Rollercoaster

We learned early on that this trial would be a rollercoaster of emotions. We have been riding the top of the hill for quite some time and someone decided we were due to have a fall today. Angie called me at work around noon October 19th and was upset. Brianna could not keep food or drink down and Angie even had to do the Heimlich maneuver on her to dislodge some food that had gotten stuck. It is a hard feeling to hear your spouse crying on the other end of the phone as soon as you pick up. Your heart immediately sinks. I told her to settle down because I could not understand her at first but finally got the story from her.

I told her to call the oncology clinic at Riley and ask what we should do and then call me back. Unfortunately Riley has an on call nurse that you go through first and then you are connected to the doctor. Of course she took the info and told Angie to await the call from a doctor. Funny how timing works because Angie was helping Bri go to the bathroom when he called back and she missed the call. The voice mail that was left for her was to bring Bri into the clinic on Wednesday or Thursday. When Angie called and told me this we both said that this was not going to happen. How could we wait knowing she was having trouble swallowing? She was going to want a drink or some food and we were scared to give her anything now. She called back again and when she was able to fully explain the situation he told her to bring Bri to the outpatient center. Derek drove me home so that I could go with them and I spent the entire trip from Franklin praying for my daughter and my wife.

Ang had everything packed for us to leave. We don’t take chances anymore and we pack for an overnight stay automatically when Bri has to go in unscheduled. As I was trying to put Bri’s coat on her she folded her arms and shook her head no as she started to cry. The tears welled up in me too as I told her we had to go. We got her to the car and it was another of those gut wrenching drives with her in the back crying and Angie trying to comfort her. She held her mommy’s hand all the way to Riley. She definitely knows the way because as we got closer she began to whine more. This is the hardest part for us.

We arrived at Riley and reported to the Hem/Onc clinic where they checked her out quickly. The first thing that they wanted to do was get an MRI scan to look at the neck and then once they completed that they wanted a swallow study done. During the swallow study they give the patient drinks and food and watch it go down. Bri had been on thickened liquids since the very beginning of this nightmare and had not had trouble with anything until now. The scanning machine in the swallow study room has a camera on each side of the neck. There are monitors located in the room as well so the techs can watch the progress as they administer the test samples of liquids and solids. Angie sat close to Bri and helped balance her while I stood by the doors. We watched as they started out with the thickened liquid that we had been giving her for months. As she swallowed it went down her windpipe. They mixed up a thicker liquid. We watched as they poured a little bit in her mouth and it also went straight to the lungs. She had definitely been aspirating on her liquids for an unknown length of time. I looked into the faces of the techs as one looked at the other with mild concern on her face. They moved on to pudding. Nice, thick pudding. As they spooned a little into Bri’s mouth I alternated my gaze from the monitor to the faces of the techs. I think Angie and I both held our breath as Brianna moved the pudding in her mouth a little bit and then she swallowed. As I watched the pudding move towards the back and she swallowed it felt like someone punched me right in the throat. It went straight down the windpipe. The techs had a very evident look of disappointment on their faces and they stopped the test right then.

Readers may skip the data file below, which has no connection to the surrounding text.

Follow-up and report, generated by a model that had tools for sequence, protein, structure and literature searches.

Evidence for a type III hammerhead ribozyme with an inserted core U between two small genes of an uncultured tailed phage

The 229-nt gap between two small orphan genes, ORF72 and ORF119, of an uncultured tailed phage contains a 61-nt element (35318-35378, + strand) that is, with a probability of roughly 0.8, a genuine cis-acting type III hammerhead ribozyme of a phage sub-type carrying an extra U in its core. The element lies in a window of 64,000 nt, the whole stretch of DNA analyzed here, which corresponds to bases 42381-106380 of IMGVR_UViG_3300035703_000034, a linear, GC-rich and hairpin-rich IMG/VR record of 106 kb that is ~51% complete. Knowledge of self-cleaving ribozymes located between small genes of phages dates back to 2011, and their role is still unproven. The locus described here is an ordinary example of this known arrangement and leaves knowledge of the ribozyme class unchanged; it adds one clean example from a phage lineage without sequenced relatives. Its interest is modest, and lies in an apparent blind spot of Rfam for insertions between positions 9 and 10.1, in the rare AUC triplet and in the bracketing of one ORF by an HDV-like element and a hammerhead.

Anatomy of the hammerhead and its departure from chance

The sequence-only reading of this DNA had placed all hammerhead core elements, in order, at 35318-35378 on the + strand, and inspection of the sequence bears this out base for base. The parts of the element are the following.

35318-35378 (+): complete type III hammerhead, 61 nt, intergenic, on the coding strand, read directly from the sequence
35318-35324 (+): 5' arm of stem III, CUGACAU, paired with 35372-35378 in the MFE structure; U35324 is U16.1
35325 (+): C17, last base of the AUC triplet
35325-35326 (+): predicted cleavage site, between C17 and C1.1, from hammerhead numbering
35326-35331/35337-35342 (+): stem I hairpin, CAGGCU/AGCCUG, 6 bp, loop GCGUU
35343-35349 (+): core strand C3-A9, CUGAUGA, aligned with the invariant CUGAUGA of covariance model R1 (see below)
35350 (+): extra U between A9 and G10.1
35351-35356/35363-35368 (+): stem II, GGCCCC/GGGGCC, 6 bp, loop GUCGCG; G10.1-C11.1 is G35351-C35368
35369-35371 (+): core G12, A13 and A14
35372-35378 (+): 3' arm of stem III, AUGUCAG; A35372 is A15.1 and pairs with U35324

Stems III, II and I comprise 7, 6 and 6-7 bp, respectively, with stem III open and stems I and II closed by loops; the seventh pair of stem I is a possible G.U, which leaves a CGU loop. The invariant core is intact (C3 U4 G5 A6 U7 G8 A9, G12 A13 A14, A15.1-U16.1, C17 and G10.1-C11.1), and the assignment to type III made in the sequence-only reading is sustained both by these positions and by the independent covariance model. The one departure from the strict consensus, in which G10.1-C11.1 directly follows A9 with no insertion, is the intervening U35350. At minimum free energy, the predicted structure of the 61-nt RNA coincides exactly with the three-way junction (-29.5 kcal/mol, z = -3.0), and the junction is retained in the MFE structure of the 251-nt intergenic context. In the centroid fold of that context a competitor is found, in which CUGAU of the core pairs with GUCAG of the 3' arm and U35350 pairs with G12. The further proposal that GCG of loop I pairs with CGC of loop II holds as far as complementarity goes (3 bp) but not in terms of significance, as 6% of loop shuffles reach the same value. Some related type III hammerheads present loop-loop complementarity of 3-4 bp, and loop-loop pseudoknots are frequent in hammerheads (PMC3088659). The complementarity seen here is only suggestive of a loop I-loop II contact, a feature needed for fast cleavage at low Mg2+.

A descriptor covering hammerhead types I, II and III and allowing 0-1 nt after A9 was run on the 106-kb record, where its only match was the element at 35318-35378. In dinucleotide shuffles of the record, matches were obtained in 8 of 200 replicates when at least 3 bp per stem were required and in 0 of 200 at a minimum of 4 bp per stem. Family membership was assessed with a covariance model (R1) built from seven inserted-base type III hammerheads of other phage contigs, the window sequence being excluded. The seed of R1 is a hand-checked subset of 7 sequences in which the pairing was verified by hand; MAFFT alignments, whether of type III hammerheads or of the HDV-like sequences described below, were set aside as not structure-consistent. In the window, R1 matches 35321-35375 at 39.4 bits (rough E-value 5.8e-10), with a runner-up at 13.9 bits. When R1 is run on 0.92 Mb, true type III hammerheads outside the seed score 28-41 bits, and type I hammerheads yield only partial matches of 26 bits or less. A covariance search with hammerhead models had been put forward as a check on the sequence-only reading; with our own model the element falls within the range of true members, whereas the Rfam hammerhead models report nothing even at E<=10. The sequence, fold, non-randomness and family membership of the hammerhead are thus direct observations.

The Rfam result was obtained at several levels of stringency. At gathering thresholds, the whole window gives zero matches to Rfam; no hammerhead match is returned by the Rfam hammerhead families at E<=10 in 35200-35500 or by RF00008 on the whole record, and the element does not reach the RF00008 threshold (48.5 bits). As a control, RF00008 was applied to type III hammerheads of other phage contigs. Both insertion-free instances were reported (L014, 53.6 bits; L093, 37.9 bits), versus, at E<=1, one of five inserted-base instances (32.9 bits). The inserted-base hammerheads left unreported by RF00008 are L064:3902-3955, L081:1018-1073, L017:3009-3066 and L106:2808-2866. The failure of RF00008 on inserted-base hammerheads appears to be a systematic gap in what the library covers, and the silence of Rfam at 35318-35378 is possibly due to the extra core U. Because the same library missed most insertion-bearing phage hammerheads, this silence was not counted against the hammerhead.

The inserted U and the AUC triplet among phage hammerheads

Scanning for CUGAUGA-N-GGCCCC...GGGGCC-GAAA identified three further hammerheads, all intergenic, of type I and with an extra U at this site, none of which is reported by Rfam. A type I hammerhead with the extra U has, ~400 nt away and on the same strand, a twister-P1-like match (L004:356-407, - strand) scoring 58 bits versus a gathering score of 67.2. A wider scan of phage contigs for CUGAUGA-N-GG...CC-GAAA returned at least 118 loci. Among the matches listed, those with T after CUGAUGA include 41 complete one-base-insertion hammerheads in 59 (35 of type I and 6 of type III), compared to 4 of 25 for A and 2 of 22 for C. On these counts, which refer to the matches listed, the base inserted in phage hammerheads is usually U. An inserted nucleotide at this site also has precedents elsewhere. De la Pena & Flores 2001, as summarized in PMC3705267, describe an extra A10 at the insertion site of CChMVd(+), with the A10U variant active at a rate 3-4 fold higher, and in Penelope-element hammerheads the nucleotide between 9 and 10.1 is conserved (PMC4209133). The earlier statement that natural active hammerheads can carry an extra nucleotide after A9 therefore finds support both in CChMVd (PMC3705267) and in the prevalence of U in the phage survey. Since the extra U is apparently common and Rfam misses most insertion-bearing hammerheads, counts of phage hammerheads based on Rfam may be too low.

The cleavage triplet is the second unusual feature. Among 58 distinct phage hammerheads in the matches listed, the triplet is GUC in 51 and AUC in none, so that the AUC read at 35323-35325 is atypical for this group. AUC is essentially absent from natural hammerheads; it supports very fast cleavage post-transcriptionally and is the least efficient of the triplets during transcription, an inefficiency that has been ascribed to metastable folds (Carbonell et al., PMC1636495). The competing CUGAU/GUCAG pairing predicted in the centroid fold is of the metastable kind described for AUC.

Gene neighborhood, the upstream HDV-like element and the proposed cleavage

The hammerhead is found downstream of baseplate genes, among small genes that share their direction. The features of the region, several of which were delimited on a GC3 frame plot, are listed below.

They explained to us that given the results of the test they had to suggest to the doctors that Bri not be permitted to have food or drink by mouth at this time. They did say that they thought she would be a candidate for a new study down the road but there was too much of a risk allowing her to eat or drink. We went up to fifth floor, or the Motel 6 as I have named it, and settled in for the night.

Bri’s oncologist stopped by on Thursday to talk about the MRI results. He informed us that the tumor did not look like it had grown any but it looked like it flattened out. He also explained that it looked like the outer area where the radiation killed the tumor had calcified and that was putting pressure on areas in the throat including some nerves. This information from the MRI along with the results of the swallow study forced a decision to insert a feeding tube. The surgery was scheduled for Friday. Since Bri had not eaten in over 24 hours they were going to insert an NG tube, a temporary tube that goes through the nose and passes the throat and ends dumping into the stomach. They would use this to provide her some nourishment until Friday. The nurses came in to insert the tube and had major troubles doing so. Angie had experience doing this as she did this many times when our granddaughter Jaelynn came home from the hospital and was fed through an NG tube for weeks. I thought Angie was going to knock the nurses out as attempt after attempt failed and Bri cried more and more. Finally they got it inserted and then they took us for an xray to make sure that the tube was placed in the right area. More on that next post……

Tori visited the hospital today and drew this on the board in the room for Bri.

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